Digital HR is thrown around repeatedly these days as ‘the next big thing’ in human resources. Bringing technology to antiquated systems and processes to a somewhat hitherto neglected world of HR, is touted to revolutionize HR.
Yet HR offices are also seeing increasing pressure to develop better measures. ‘Quantified HR’ is causing departments to completely relook at the ways in which routine tasks are done in great detail and what defines success.
While the digital future is welcome, HR professionals need to ask themselves one core question: Does Digital HR really matter more than Quantified HR?
Before we answer the above question, defining these jargons would be helpful.
‘Digital HR’ refers to the growing use of social media, mobile technology, analytics and cloud computing in standalone and networked services of the HR function. Whether through CRM platforms, apps, or integrated collection and outreach tools; HR is moving, slowly, into the same realm that other verticals in the same business have been in for many years.
‘Quantified HR’ reflects the growing emphasis and reliance on using data-driven processes. These processes collect, capture, analyze and act upon data related to recruitment, engagement, employee satisfaction, leadership development, professional development, employee assessment, retention and other HR functions. Quantified HR also covers the growing use of metrics to measure and assess the effectiveness of HR functions.
Back to the question. The key issue is one, we believe, of sequencing. One cannot effectively begin to use Digital HR tools unless time has been spent developing and mastering the rigor around quantification. Without concrete measures, and the tools to collect and capture those measures, Digital HR is merely bells and whistles. It's icing on top of a flavorless cake.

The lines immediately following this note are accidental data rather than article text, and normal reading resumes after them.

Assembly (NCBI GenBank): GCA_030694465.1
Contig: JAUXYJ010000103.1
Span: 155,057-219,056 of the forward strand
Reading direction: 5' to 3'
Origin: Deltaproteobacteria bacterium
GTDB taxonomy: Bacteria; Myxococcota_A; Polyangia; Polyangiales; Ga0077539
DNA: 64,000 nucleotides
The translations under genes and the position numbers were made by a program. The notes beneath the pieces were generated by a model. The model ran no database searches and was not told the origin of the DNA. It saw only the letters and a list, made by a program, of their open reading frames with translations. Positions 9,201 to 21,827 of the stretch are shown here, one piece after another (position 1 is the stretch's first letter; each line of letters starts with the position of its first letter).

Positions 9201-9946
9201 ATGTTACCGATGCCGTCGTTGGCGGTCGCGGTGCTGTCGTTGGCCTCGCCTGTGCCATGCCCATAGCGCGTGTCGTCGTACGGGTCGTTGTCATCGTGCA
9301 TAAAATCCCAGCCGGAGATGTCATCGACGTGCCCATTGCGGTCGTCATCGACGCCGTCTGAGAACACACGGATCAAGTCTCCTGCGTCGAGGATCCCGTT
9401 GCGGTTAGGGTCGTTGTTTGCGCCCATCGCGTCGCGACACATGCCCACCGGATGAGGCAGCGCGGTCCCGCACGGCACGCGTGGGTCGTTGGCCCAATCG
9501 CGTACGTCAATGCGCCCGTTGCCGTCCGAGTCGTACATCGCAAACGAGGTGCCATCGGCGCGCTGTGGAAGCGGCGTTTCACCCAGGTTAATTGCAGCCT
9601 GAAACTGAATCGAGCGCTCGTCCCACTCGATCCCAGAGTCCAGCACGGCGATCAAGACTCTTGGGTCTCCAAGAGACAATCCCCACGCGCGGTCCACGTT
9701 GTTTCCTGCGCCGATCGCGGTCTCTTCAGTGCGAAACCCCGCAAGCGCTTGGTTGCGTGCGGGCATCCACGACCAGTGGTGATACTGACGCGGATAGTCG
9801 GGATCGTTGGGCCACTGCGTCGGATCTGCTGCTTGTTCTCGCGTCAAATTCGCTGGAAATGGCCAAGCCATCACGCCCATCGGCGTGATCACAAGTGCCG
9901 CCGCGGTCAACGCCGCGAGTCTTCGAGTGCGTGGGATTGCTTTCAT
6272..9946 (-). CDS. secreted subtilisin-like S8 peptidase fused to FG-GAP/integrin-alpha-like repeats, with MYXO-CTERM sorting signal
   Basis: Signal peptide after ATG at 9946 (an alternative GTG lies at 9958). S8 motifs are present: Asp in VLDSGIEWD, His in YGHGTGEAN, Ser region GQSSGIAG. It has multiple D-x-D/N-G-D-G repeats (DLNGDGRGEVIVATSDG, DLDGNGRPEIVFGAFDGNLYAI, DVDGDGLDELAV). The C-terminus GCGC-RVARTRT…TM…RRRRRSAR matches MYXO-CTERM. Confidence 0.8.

One needs to acknowledge the importance of data and the hidden value in it. What exactly does a data-driven HR enterprise look like? Below are a few snapshots.
To truly assess the impact of robust HR practices on the bottom line, companies need data from
multiple sources. This means correlation. For example, retention data against sales goals, results and managers. It means tracking the cost of recruitment, onboarding and training with financial information across departments and divisions. It requires clubbing of promotions and bonus structures to measures of employment efficiency, turnover, and even satisfaction. It allows organizations to assess the loss of key employees in financial terms and impact on overall strategic plans.
There are certain metrics which HR is used to obviously quantify such as retention and turnover rates, costs and time-to-hire. However, to truly be agile and robust, HR must dive deeper and fish out various other metrics and interpret their meaning in context to the organization. For example, employee absences? Are these a symptom of other issues? How do employee satisfaction surveys correlate to retention and promotion factors? How does productivity relate to employee engagement? By digging further into what HR metrics are and what they mean, the HR staff will not only gain credibility, but is likely to gain more buy-in for suggested changes.
Quantified HR is about getting the fundamentals correct! It is about having a firm grasp on the core functions of a modern HR shop and ensuring that processes are policies are shaped by what the data says. By focusing on measurements, HR departments will be better able to leverage the power inherent in Digital HR. While both are important, it's imperative that quantification comes first. Data literacy must be the first pursuit.
What after metrics? Data analysis and interpretation follow quantification. In the next step, HR needs to look for intelligent interpretation of numbers and meanings of random unstructured HR data. Technologies which break down, analyze, understand and interpret HR data the way expert HR professionals do within seconds. Contextual technology is the frontier.